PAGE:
oliverThis is a less well known book, I’ve picked it as Jumbles really likes it, and it makes a great springboard for fruit activities. However, if you can’t get a copy, really any book about fruit could be substituted. The most obvious would be The Very Hungry Caterpillar, but I wanted some variety.

Begin by reading the story, the book is a story about a boy who keeps telling his Mum about the fruit he picked in his Grandpa’s garden when he stayed there, and how Grandpa didn’t have tinned  or packet fruit. Oliver is a picky eater, but in the end eats fruit salad. I’m not going to say this book will help your picky eaters, but it’s a helpful springboard for playing with fruit.

After reading the story, head to a somewhere that you can buy fruit. Allow your children to choose some fruit to buy.

Activity 1: fruit printing – much like potato printing, but more edible

wildthingsandoliver 045Mix up some paint. We used homemade edible paint, mainly because I figured that Bean would eat the fruit whether it had paint on or not. There are a variety of edible paint recipes. Unfortunately, my favourite involves Kool Aid, which you can’t get in this country (or  if you can it’d be crazily overpriced). Fortunately for me, my parents live in The US, so when they visit I get them to bring sachets over. If you have Kool aid or similar, then mix it with water and flour until you have a thick, vibrant paint. The reason I love this paint is it takes seconds to mix and smells and looks great, plus it is of course totally edible.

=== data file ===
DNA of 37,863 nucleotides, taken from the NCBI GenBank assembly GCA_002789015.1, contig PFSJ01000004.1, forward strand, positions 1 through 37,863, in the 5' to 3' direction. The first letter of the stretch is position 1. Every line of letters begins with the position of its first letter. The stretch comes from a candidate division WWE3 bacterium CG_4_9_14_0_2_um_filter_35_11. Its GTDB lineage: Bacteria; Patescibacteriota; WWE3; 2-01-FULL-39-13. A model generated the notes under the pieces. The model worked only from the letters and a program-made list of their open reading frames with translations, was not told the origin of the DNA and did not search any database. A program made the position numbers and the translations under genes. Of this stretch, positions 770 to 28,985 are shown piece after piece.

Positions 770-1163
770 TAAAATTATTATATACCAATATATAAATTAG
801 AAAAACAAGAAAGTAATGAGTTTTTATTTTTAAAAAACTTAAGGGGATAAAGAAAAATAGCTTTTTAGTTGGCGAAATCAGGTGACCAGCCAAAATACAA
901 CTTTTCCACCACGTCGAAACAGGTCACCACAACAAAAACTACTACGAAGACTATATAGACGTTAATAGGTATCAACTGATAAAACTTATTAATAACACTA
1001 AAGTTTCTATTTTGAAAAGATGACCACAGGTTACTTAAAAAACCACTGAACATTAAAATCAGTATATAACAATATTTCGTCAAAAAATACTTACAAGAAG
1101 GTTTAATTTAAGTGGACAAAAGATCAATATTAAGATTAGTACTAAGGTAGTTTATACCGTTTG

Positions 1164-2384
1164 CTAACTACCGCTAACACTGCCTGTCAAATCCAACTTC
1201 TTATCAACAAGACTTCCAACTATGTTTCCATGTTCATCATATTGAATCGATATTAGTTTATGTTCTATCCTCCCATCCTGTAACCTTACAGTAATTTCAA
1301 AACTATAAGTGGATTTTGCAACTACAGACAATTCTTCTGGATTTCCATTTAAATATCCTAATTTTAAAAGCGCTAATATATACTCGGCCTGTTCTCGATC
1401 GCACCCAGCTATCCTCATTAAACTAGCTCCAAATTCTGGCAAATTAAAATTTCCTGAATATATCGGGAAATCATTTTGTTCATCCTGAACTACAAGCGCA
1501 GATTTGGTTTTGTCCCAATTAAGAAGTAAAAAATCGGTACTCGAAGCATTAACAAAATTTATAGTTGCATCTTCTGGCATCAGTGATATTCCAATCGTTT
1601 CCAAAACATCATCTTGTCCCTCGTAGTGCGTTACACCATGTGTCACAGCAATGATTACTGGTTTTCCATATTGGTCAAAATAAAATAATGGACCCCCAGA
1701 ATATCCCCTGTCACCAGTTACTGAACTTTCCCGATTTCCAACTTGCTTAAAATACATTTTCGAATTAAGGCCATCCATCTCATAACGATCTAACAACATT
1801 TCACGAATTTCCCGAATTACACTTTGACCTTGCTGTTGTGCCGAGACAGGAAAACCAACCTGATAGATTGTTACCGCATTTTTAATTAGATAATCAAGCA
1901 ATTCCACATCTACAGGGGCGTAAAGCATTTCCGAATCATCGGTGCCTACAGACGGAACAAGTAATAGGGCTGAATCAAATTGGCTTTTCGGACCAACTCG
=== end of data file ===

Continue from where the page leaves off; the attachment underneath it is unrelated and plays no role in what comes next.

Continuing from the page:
If you don’t have kool aid, simply mix flour and water with food colouring (gel colours are best for vibrant tones).

This craft is really process art, that means it’s about the process, or activity itself, not about creating a finished product to keep. These paints have no preservatives in, so I don’t know how long they would last, so wouldn’t recommend if you are planning to keep the art for months.

Cut up the harder fruits (apple, pear, pineapple) into large pieces, suitable for your childwildthingsandoliver 046 to grasp.

Depending on the age of your children, they may be able to help cut some of the fruit. Jumbles (3) cut the apples using an apple slicer. Sometimes when printing, my more artistic husband will carve intricate designs into the ends of the potatoes, carrots etc for them to print with, but today we were happy just using the whole fruits.